Strike Measures

flight-delay-signEurocontrol, Europe’s Network Manager said it was at its highest level of operational mobilisation during the recent industrial action in France.

It reports that despite unprecedented levels of delay, excellent collaboration with the airlines, the military and air navigation service providers (ANSPs) helped mitigate the impact.

Aircraft operators and passengers sighed with relief when the two days of industrial action in France ended at 04.00UTC on 13 June 2013, a day earlier than initially planned.

The impact was unprecedented: 216,358 minutes of delay were recorded on Tuesday 11 June (this is equivalent to 57.2 minutes per delayed flight throughout the network) and 325,049 on Wednesday 12 June (an average of 78.7 minutes per delayed flight). To put these figures into context, since the beginning of 2013, only 18,434 minutes of delay average per day were recorded for the network.

On Wednesday, the situation was even worse than it had been the day before and French airports started to face heavy congestion and stand rotation problems. As a result, thousands of passengers were stranded in airports.

But it could well have been worse!

flight-delay-signThe Network Manager and its staff in the Operations Centre (NMOC) were on the alert throughout. They held regular teleconferences with airlines and ANSPs to provide clarification and support as the situation evolved and as feedback from the French authorities were communicated to them.

Effective operational initiatives were taken as opportunities arose. The NMOC coordinated with all adjacent ACCs in coming up with these mitigating actions:

  • Several hundred rerouteing proposals were sent out on 11 and 12 June to help operators avoid French airspace – out of these, 50-60% were accepted
  • The oceanic routes – the so-called Tango routes avoiding French airspace to the west – were coordinated and made available for use with increased capacity to help traffic between Ireland, Spain, Portugal and the Canaries
  • The national authorities in Algeria and Tunisia approved a high number of flights through their airspace, so facilitating the workload of aircraft operators
  • Neighbouring ACCs generously offered their support, e.g.: Maastricht and Langen provided enhanced levels of staffing and took on extra traffic, which gave the network extra flexibility
  • The North Atlantic eastbound and westbound tracks structure was modified to avoid French airspace (except for flights to/from French aerodromes)
  • The Military Liaison Officers (MILOs) worked with all the stakeholders to reduce military activity in France, Belgium and Germany throughout the strike period
  • NMOC helped to prioritise departures to reduce stand congestion at major hubs and to allow inbound aircraft to disembark.

flight-delay-signAs all French ACCs had been requested to provide minimum service throughout the notified strike period (more or less 50% of the usual capacity), the industrial action translated into a significant number of regulations applied: 159 on Tuesday and 136 on Wednesday.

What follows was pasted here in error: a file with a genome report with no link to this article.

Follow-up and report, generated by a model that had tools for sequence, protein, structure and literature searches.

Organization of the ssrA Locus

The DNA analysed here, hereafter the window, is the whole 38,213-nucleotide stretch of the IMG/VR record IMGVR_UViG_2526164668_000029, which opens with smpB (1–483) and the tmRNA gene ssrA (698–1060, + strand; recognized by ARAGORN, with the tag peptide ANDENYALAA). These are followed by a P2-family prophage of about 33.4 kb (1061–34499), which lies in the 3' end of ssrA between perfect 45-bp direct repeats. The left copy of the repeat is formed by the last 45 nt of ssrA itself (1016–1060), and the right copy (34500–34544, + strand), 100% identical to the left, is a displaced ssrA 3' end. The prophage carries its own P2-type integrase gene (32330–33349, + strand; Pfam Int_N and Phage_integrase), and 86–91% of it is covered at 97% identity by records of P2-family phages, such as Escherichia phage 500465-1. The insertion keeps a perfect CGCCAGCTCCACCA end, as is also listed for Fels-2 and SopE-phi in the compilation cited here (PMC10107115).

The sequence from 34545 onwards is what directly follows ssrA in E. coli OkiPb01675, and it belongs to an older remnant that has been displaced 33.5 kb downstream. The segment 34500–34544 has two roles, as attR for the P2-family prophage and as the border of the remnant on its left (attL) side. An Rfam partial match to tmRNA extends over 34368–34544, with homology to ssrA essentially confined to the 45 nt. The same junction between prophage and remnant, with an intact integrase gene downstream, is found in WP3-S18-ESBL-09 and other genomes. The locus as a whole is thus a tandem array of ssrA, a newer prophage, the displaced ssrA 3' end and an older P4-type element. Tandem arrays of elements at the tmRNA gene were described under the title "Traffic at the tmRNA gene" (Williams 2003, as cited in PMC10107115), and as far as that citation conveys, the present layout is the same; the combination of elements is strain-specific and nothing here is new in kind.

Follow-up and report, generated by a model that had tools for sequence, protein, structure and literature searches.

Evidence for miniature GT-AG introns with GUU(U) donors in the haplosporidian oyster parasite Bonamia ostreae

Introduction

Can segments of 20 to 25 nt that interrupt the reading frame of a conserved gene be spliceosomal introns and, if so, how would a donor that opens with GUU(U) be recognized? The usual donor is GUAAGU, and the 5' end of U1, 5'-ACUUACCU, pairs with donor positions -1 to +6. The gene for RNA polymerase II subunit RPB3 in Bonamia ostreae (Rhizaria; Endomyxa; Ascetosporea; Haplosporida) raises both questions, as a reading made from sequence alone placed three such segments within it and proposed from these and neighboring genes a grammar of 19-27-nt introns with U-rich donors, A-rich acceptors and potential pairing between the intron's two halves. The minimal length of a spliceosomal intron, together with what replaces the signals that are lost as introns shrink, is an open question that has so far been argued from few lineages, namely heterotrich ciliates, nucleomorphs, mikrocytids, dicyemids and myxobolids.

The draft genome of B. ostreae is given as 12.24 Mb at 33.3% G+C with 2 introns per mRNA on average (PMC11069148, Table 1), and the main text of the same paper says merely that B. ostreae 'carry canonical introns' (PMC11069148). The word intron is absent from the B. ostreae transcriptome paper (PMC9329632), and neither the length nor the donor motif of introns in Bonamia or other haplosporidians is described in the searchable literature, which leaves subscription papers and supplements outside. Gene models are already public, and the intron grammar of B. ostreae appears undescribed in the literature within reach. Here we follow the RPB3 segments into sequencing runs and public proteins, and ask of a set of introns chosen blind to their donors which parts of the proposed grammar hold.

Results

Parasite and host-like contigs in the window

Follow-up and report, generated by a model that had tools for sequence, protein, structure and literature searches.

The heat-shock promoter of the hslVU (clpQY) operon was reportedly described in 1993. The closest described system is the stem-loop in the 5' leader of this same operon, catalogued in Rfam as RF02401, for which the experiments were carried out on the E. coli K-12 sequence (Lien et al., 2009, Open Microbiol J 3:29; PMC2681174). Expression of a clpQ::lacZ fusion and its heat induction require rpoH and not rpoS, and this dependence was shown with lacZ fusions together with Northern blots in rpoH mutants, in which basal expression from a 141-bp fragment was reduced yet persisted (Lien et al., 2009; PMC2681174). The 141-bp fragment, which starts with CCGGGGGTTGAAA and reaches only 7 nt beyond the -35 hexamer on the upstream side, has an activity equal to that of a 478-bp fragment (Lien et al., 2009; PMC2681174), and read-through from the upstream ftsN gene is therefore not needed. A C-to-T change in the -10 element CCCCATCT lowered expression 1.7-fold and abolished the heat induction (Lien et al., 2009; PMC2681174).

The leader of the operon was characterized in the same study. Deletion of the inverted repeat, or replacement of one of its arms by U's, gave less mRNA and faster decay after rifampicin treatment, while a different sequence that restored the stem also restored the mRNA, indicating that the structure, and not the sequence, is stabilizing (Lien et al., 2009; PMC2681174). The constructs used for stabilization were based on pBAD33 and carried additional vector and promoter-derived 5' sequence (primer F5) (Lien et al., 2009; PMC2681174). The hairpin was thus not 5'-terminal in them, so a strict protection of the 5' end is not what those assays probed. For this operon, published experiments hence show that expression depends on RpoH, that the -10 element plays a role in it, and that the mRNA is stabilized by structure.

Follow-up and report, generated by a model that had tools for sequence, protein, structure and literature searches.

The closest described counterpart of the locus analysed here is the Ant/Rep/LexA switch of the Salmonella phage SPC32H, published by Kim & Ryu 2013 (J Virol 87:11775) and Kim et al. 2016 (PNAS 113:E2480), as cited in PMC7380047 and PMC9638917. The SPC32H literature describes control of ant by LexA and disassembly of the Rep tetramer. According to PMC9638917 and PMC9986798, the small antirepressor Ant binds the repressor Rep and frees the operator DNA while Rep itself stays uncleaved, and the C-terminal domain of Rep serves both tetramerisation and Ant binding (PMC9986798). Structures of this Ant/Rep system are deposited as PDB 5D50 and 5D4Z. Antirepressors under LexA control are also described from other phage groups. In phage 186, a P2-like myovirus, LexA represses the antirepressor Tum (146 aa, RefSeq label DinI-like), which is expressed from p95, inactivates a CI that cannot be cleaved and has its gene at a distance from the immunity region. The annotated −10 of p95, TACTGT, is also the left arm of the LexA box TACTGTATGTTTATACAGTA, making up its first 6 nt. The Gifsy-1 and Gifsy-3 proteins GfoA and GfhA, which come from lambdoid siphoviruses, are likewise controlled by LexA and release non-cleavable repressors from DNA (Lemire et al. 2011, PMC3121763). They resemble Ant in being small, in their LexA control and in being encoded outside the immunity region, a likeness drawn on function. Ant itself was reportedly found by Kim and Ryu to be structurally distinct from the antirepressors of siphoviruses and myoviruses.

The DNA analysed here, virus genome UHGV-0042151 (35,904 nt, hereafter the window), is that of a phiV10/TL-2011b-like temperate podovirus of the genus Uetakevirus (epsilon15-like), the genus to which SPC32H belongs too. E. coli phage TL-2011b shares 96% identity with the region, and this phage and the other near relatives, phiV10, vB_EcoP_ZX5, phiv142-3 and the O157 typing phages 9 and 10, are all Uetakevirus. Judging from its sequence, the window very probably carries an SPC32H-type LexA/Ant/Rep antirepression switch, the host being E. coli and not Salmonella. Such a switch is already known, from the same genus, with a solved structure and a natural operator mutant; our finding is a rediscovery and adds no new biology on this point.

Those air traffic flow and capacity (ATFCM) measures are usually applied to resolve tactical capacity/demand imbalances which impact on the ATFCM daily plan (e.g. slot allocation, constraining airborne traffic etc.). On average, only 40-50 regulations are applied per day for Europe.

The aircraft operators were requested by the French DGAC to reduce their flying programmes by 50% at the most affected airports; the operators were able to choose which flights to cancel. In total, there were more than 5,000 cancellations over the two days, according to the French DSNA.

“The teleconference facility has greatly improved compared to previous telecons” commented United Airlines. Flybe provided feedback too: “Telcons were useful and well managed, with the right people on the line to answer questions. NOP very useful for running update of the situation, reference to relevant NOTAMS and the Q&A info along with the telecon minutes was helpful”.

This week gave the Network Manager an opportunity to measure just how far the network-centric mindset has evolved.

flight-delay-sign“The close, transparent contacts established with all partners helps fine-tune the global picture of the situation and facilitates efficient management; it enabled the Network Manager to come up with a coherent plan. There are still areas for improvement that have been identified and these will now be followed up,” said Joe Sultana, Chief Operating Officer of the Network Management Directorate.

“We thank all our partners and colleagues for the excellent spirit of collaboration. Your energy and expertise helped the aircraft operators and their passengers considerably, preventing a very bad situation from becoming a dreadful one”.

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